JP Morgan’s Jamie Dimon hasn’t produced an enviable track record opining on inflationary potential. He’s forever deeply entrenched in the inflation camp, and because he sits atop the corporate structure of one of the world’s biggest and most well-known banks, it does seem reasonable at first how his opinion on monetary matters is taken very seriously – despite repeatedly missing the mark by a wide margin.
That’s the thing; no one ever inquires of Dimon or the mainstream multitudes of others like him who see inflation, say inflation, but then never get it. Just once, someone really should ask, before we let you repeat yourself on inflation, maybe you could provide us with some explanation, any explanation, why you got it so wrong last time and the time before and the time before. Seems relevant.
Instead, they really just repeat themselves as if, oh, back in 2018 Jamie Dimon hadn’t said the 10-year UST yield was definitely heading toward 4% if only as the first stop on the way to 5% all because he, like Jay Powell, each were influenced by modeled projections of some inflationary pressures that didn’t actually exist (at least not in the real economy). For the record, the 10-year UST yield would go on to reach a record low of 1.43% instead while at the same time Jay Powell was backtracking furiously with rate cuts, both long before COVID.
There was that whole landmine thing and the collateral bottleneck potential surrounding it.
Back in December last year, JPM’s head was back at it, saying of even lesser Treasury yield opportunities post-COVID, “I wouldn’t touch them with a 10-foot pole.” For a time in January and February, it looked like he had backed into some wisdom. But then, mid-March, more things going haywire so that “somehow” the Fed’s RRP has gotten mixed up with LT UST yields leaving Jamie Dimon once again a more likely foil.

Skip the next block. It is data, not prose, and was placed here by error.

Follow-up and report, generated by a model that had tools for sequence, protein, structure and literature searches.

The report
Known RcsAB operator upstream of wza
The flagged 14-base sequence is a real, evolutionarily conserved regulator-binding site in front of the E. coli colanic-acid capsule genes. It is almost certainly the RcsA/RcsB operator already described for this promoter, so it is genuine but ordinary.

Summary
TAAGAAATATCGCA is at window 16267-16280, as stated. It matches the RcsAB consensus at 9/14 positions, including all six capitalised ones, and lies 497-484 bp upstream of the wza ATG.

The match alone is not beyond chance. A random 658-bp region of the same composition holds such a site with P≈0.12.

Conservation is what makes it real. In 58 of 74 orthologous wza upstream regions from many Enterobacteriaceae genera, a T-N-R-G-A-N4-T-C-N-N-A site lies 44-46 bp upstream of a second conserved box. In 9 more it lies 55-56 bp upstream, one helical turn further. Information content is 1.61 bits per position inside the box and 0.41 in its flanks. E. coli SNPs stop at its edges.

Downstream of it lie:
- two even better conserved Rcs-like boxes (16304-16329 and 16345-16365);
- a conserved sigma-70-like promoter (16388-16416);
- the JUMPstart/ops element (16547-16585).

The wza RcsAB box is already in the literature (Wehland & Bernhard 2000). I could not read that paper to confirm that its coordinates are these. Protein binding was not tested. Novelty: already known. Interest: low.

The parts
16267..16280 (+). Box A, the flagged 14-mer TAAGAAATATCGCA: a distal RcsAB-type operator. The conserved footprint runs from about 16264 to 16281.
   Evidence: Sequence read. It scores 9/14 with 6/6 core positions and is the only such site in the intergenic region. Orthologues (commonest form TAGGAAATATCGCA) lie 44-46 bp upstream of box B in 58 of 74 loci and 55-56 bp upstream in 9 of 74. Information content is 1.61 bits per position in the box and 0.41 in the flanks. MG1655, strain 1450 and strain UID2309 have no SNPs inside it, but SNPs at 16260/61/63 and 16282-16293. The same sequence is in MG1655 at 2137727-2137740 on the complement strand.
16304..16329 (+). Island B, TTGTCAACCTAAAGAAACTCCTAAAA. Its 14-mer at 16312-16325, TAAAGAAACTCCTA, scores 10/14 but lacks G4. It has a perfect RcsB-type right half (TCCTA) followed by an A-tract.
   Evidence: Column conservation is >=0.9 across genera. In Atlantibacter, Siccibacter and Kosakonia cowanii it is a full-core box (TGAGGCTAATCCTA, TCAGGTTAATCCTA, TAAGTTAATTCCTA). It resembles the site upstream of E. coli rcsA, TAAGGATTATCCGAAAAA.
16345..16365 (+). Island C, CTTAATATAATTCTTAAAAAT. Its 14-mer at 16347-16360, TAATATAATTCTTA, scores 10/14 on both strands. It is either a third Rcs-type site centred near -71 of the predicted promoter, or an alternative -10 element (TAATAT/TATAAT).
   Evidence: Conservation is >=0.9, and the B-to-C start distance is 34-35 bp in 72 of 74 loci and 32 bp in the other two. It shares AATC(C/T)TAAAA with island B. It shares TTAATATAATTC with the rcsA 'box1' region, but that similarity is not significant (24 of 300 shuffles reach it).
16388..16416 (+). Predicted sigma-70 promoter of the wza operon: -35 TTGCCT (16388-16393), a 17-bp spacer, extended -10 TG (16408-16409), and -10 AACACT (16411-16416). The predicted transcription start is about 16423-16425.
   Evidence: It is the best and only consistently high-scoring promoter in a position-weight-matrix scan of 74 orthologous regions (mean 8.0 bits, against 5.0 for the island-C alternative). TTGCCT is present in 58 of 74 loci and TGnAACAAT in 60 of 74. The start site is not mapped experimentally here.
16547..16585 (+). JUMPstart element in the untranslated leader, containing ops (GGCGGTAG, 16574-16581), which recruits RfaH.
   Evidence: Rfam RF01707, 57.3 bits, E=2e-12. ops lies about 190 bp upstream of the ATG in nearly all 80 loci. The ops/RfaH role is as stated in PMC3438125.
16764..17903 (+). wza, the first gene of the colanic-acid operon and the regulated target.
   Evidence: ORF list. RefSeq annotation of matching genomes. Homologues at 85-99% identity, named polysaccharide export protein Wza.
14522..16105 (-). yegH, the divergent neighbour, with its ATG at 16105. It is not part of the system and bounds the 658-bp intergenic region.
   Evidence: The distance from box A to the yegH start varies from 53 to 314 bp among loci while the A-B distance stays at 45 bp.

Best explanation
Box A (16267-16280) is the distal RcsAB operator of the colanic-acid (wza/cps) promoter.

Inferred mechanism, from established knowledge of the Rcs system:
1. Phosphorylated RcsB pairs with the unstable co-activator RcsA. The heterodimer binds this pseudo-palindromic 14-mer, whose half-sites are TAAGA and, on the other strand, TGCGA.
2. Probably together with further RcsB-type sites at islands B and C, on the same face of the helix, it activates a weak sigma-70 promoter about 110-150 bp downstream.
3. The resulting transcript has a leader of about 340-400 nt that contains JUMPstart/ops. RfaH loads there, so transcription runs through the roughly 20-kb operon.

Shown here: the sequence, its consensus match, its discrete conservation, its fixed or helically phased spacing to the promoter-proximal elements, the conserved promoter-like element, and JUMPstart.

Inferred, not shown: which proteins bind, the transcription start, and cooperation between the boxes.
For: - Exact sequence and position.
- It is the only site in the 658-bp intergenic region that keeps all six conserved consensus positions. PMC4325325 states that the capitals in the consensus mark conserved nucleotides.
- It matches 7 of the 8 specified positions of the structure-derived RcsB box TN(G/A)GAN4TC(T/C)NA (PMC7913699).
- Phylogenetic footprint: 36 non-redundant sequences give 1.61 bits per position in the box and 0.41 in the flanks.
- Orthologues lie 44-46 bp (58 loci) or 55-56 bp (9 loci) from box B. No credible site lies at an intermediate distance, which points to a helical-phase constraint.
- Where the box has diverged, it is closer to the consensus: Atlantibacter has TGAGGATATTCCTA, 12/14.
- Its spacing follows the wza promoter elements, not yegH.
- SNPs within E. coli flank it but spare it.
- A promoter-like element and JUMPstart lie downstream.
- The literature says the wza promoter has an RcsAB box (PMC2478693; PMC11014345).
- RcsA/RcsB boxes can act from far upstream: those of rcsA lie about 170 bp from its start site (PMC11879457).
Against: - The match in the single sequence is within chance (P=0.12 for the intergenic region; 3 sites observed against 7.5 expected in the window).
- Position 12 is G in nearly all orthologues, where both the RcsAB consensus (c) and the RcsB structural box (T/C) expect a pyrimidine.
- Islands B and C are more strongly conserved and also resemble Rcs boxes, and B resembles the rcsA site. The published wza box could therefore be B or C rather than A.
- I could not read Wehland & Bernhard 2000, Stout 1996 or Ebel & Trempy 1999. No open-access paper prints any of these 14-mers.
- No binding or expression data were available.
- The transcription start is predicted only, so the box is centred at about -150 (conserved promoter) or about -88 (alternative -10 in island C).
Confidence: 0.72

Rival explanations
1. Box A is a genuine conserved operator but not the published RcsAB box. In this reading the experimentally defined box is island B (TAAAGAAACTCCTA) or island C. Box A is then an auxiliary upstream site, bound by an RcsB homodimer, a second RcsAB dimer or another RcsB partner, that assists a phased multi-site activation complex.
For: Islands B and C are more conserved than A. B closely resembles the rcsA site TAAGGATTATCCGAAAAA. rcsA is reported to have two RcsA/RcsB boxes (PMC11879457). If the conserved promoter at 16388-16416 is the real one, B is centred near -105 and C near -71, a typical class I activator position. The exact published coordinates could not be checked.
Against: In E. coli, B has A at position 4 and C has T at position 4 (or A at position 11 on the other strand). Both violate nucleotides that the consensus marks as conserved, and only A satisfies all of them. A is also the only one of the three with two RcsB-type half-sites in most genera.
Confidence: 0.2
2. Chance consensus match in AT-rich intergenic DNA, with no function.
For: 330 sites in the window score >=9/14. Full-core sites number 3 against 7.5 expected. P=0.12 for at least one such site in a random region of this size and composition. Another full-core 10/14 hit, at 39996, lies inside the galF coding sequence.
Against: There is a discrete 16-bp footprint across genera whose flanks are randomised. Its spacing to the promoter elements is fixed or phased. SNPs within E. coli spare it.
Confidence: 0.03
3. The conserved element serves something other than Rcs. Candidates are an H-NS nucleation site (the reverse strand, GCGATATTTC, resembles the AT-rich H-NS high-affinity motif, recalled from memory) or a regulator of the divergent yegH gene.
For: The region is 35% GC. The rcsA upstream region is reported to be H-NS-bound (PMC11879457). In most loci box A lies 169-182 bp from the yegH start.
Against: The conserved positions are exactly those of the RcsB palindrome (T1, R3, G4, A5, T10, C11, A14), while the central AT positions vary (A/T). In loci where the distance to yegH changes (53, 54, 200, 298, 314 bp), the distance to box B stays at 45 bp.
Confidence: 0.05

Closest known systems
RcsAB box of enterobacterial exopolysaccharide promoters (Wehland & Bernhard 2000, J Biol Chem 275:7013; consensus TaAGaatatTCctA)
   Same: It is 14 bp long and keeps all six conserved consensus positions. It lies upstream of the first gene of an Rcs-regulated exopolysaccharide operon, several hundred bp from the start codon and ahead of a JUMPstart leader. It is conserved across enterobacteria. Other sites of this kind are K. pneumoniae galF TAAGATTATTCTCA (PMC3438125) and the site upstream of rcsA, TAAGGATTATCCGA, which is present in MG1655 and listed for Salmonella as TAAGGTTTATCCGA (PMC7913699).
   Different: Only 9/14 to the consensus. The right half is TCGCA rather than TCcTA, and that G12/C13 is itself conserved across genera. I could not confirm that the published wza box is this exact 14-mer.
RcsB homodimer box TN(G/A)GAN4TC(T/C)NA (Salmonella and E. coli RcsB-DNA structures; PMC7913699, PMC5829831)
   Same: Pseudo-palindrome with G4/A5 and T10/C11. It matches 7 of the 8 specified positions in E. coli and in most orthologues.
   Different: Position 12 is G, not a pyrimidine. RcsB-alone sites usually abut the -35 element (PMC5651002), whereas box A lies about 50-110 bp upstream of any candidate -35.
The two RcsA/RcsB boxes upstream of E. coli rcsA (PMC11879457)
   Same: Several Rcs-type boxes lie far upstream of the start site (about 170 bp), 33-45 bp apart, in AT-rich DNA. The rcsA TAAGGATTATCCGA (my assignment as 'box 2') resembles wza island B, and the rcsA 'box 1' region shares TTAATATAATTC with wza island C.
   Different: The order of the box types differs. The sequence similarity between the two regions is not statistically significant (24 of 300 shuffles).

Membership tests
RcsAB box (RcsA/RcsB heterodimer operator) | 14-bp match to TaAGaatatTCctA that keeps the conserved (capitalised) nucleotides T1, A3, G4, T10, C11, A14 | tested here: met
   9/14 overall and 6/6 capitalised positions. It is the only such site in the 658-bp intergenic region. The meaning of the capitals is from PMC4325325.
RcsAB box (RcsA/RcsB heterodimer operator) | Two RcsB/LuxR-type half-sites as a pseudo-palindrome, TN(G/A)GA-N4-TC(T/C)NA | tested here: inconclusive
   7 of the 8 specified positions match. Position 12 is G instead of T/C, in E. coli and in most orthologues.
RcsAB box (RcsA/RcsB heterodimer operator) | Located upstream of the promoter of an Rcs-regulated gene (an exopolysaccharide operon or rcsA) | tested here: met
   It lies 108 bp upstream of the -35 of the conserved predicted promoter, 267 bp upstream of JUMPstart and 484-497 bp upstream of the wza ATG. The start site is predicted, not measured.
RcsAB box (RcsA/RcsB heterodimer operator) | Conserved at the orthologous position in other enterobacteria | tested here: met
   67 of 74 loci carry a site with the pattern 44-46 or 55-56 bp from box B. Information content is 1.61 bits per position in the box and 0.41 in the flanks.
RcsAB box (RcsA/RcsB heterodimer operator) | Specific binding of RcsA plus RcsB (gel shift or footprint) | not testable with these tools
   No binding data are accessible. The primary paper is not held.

Give the man credit, he remains highly consistent, undeterred no matter how many times:
If you look at our balance sheet, we have $500 billion in cash, we’ve actually been effectively stockpiling more and more cash waiting for opportunities to invest at higher rates. I do expect to see higher rates and more inflation, and we’re prepared for that.
It’s at this point we have to wonder just where it is Dimon must believe inflation really comes from. A ghost of fake money (bank reserves) magic rather than the monetary phenomenon, so no surprise here’s JPM’s politician-of-a-CEO essentially arguing against…himself.
So JPM won't buy securities or lend…until rates go up (because inflation, supposedly).— Jeffrey P. Snider (@JeffSnider_AIP) June 14, 2021
For inflation and then rates to go up, there needs to be a whole lot of…lending.
Still hasn't explained why last time he said all this never happened. Luck now?https://t.co/DR9agJCH1t
In other words, you won’t see any real inflation (sustained, broad-based consumer price increases) without serious credit expansion. Putting the cart before the horse, Dimon is waiting for the consumer prices before issuing credit. SMDH.
It does, however, explain a lot about why his true inflation credibility lingers at around zero. This does not explain why his opinion on inflation and the value of safe assets continues to be splashed around as if somehow authoritative. He is in every appearance very good at running a major bank; understanding, truly, what it is his or any other bank actually does and why, not so much.
To put some more numbers on this – and not strictly for JP Morgan – we turn to the Federal Reserve’s Z1 Financial Accounts of the United States. Updated recently to include Q1 2021, maybe JP Morgan doesn’t want US Treasury assets but many of his peers absolutely still do. Not just UST’s but a pile more of safe, liquid agency debt on top.